The Gildehall at Borrehaugene, Norway

This is pretty much what my dream (long)house looks like. If I was filthy rich, I would build a reconstruction like this one right away! These photos were taken a few years ago, under the construction of the Gildehall in Horten. I was there long before they opened the Hall for the public eye and managed to snap these photos. I think it looked pretty amazing this way, as I am quite the fan of wood – but I must say that the blackish paint it sports now looks badass like Hel. I am going to Midgardblot this year too, and that will be a good chance to take quite a few photos of what it looks like these days. Photographing at the site will probably happen before that, though. My my iron horse (*cough* mercedes benz) and I frequently pass the area on our way to visit my parents and I often make a stop at Borrehaugene to breathe some norse vibes.

so tell me;
Are you going to Midgardsblot this year?

Sól Geirsdóttir, The Viking Queen

The Viking Ship Museum (part 2)

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Is is possible to be in love with an object? Or rather, in love with a with a ship? I believe I am. I’ve visited this museum countless times, to the point where it’ starting to get… awkward. You see, I’ve stood there in awe – glancing at The Oseberg ship in all its’ glory – my heart pounding heavily – my body trembling with admiration. And… It might just be me, but I think it is noticeable. At least by the guards (lol!) Like I’ve said before, guards “always” follow me around when I stroll through museums. The reason might be that I’m a big goofball with a huge smile. Not the average museum guest, but that one weirdo who is a bit too ‘happy go lucky’.
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This photo was taken outside the museum. Yup… I am clearly in love with the ship. Heh. 

The Oseberg Ship 

“The Oseberg ship was built in western Norway around the year 820. It is made of oak. Each of the strakes overlaps the one below and they are fixed with iron nails. Each side of the ship consists of 12 strakes, or planks. Below the waterline, they are only 2-3 cm thick, which makes the ship’s side very flexible. The two upper strakes are a little thicker. The deck is made of loose pine planks. The mast is also of pine and was between 10 and 13 metres high.

In the year 834, two prosperous women died. The Oseberg ship was pulled ashore and used as a burial ship for the two ladies. A burial chamber was dug right behind the ship’s mast. Inside, the walls were decorated with fantastic woven tapestries and the dead women lay on a raised bed. The women had a number of burial gifts with them. There were personal items such as clothes, shoes and combs, ship’s equipment, kitchen equipment, farm equipment, three ornate sledges and a working sledge, a wagon, five carved animal heads, five beds and two tents. There were fifteen horses, six dogs and two small cows. Investigation of the skeletons showed that the older woman was about 70 to 80 when she died, probably of cancer. The other woman was younger, a little over 50. We do not know what she died of.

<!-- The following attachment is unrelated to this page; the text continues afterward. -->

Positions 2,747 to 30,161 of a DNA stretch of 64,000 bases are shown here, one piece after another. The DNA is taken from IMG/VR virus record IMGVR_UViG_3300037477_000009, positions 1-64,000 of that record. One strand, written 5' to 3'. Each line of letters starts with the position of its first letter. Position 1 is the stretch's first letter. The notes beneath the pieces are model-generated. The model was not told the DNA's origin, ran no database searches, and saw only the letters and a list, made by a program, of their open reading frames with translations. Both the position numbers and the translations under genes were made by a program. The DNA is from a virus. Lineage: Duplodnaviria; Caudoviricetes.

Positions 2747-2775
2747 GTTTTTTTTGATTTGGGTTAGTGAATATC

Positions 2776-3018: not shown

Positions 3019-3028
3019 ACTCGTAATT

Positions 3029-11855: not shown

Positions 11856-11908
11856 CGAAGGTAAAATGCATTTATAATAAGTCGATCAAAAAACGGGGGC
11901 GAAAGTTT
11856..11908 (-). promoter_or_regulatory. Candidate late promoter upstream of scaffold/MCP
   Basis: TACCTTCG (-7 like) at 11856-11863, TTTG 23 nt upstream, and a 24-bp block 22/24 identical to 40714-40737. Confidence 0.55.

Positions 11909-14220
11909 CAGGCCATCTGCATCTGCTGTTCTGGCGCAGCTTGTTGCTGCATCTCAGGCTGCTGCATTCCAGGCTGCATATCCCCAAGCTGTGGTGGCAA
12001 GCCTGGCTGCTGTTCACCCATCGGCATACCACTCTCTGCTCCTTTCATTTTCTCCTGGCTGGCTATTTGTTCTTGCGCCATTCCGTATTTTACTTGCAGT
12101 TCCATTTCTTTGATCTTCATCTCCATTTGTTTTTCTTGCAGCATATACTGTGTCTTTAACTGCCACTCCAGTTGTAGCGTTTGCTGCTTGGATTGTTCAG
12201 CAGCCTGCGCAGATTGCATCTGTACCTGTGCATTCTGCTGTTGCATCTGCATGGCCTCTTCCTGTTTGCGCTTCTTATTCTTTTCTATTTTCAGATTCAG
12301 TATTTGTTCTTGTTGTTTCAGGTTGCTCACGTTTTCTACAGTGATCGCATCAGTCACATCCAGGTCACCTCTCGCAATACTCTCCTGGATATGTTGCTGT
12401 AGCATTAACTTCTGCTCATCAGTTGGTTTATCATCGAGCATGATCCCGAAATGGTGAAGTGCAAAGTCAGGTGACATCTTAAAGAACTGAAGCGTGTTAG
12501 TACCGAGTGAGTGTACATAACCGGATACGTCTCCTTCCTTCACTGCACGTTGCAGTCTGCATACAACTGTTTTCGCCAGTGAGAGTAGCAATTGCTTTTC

Both of them must have held a special position in the community to have been given a grave such as this; were they political or religious leaders? Who was the most prominent person in the grave? Was one a sacrifice, to accompany the other into the kingdom of the dead? Were they related? Where did they come from? The two women from the past remain a mystery, but continued research may tell us more.”

Text:
UIO, Museum of Cultural History,
http://www.khm.uio.no/english/visit-us/viking-ship-museum/exhibitions/oseberg/

Photos: Sól Geirsdóttir – The Viking Queen

~Lofotr Viking Market, part two~

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Last summer, I went to Lofotr Viking Market with my dearest friends;
 Tathariel and Camilla Rose.

lofotr6 lofotr5Dried fish is the best snack in the whole world.
This is a protein bomb delicacy from the Northlofotr12The best thing about Viking Markets is that you get to see so much beautiful craftsmanship. It is great fun to meet so many lovely and talented men and women who are willing to share some of their knowledge, and have a crafty viking chat.lofotr10 lofotr11lofotr8Viking Tent. Simple, yet beautiful. lofotr13Damask worthy of Queens lofotr2 Whenever it feels like you are alone in in this weird, modern world, Remember this:
True friends will remain true to you no matter what happens. My friends have proven to me that they are trustworthy, honest and sincere. I feel so blessed to know them for I love them with all of my heathen heart!
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Oh, and…Don’t be fooled by their sweet, stunning appearance ~ These two are some of the wisest, strongest and toughest women I know. Viking Shieldmaidens unite! Even if the world crumbles, I know that they will stand by my side, and that I will always stand by theirs. That’s just the kind of people we are.

Veiztu, ef þú vin átt,
þann er þú vel trúir,
ok vill þú af hánum gótt geta,
geði skaltu við þann blanda
ok gjöfum skipta,
fara at finna oft.

~Hávamál, 44

~ The Viking Queen